As I passed the third place runner—a younger guy—again in the most beautiful scenery, literally on the top of a boulder-strewn mountain bald, Rooster came on in stereo in my head and set the tone for the day. I was the Rooster, the guy facing middle age. The guy whose legs take a little longer to recover. The guy whose job is pretty stressful. The guy who lay  awake all night in a flappy tent with 50mph winds. They were the young guys. They were aging, work stress, family stress, and responsibility stress. Yep, here was the tone for the day: “Here, they come to snuff the Rooster…you know he ain’t gonna die!” 

I am guessing that everyone reading this can relate to some degree to the pressure of people and things wanting to “snuff you out.”  To stand tall and not allow that to happen is an empowering feeling. And like getting frustrated because of the wind—or not—it’s a reaction to the circumstances around you. Don’t let them snuff you out!

My second tool was to be patient. Around mile nine, I ran into the second-place runner. I could tell when I caught up to him that he seemed in better shape than I was. By mile 14 he dropped me on a gravel mountain road climb.  “It’s only mile 14, you’ve got 35 miles to go, it’s not time to race yet.” I kept repeating this to myself. Yet, it’s hard not to get anxious when you see your competition pull away from you. And I knew first place was only a few minutes ahead of him. But I was breathing a bit too hard and I let him go. Plenty of time. Instead, I kept Rooster on repeat in my head and ran my own race.  Thirteen miles later, I caught back up to him and passed him for good on another big climb. I had conserved energy and now it was paying off. Patience always pays off.

I ran the rest of the race alone, but I knew first place was somewhere up ahead. First place was 27 years old, almost 20 years younger than me. And he just looked faster. But still, this was a race and it ain’t over until it’s over. So, I pulled out my last tool—be tough. All race long, we all have problems.  Stomach issues, falling, painful stubbed toes, tired cramping legs, but one of the unique things about ultras is that it’s really about who can outlast the others in this suffering. Can you do this for 7 hours? Longer?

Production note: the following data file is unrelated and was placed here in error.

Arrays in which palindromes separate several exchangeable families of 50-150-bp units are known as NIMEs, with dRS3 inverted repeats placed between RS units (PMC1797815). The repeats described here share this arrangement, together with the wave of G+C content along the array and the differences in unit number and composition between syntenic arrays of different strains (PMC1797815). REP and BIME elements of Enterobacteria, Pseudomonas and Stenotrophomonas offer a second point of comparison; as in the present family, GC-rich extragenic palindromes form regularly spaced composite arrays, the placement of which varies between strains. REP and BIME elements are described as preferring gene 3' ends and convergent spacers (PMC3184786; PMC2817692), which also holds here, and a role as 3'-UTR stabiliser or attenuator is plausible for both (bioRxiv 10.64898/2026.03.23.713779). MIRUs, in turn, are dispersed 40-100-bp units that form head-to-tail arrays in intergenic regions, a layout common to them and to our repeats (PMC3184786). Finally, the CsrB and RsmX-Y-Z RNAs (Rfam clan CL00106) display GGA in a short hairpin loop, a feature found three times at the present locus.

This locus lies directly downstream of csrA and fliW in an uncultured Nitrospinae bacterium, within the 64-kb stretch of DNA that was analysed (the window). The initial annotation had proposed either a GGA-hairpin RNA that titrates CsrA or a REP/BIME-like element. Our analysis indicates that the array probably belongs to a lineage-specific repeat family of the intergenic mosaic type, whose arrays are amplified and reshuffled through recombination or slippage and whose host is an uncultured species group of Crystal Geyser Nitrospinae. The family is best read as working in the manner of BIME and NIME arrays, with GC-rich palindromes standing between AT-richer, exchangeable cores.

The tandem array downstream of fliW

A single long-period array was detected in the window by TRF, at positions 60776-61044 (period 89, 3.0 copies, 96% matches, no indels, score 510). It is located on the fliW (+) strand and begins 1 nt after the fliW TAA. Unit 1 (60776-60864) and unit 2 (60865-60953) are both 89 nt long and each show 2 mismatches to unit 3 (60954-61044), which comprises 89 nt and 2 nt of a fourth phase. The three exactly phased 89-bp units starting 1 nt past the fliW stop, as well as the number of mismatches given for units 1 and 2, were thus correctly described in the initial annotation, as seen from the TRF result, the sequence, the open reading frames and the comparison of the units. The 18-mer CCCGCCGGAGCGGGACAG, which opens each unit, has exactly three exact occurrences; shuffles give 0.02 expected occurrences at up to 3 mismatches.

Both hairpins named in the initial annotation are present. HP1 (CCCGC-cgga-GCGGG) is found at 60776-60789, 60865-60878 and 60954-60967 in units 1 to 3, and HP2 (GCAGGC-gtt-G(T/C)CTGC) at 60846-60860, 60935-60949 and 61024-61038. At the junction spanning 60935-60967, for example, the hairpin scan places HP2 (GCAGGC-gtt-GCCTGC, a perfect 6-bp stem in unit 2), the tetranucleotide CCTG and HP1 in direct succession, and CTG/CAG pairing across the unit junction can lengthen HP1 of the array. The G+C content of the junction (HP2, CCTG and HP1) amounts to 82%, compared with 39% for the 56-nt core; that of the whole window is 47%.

As I ran through more beautiful mountain top balds and rhododendron tunnels, I came upon the mile 37 aid station and they told me I was eight minutes behind the leader. Probably an insurmountable lead, but…maybe not! At the end of the day all you can do is do your best. “You know he aint gonna die!”  

Six miles later at the last aid station I was told that I was now only four minutes behind the leader.  Maybe this could happen? I left that aid station re-energized, but also knowing that the rest of the race was all uphill. This is where you learn to just be tough. I have had plenty of races where I wasn’t very tough at the end. I still think about those. They bother me. Times I let them snuff the Rooster.  Learning to be tough mostly comes from learning what it’s like to live with those moments when you weren’t tough. This sport really does translate to real life.

And so I did my best up that climb. Breathing so hard I was getting dizzy. Pouring water on my head to keep cool. Not giving up. I didn’t know that the lead runner was out of reach until I was in view of the finish line. He had finished 7 minutes ahead of me.  

Was I upset? Nope. They did not snuff the Rooster that day. 

The choice to be snuffed or not is yours. Don’t let “them” snuff you!

Now, will I camp again before a race? Not any time soon.  

LEAVE A REPLY

Please enter your comment!
Please enter your name here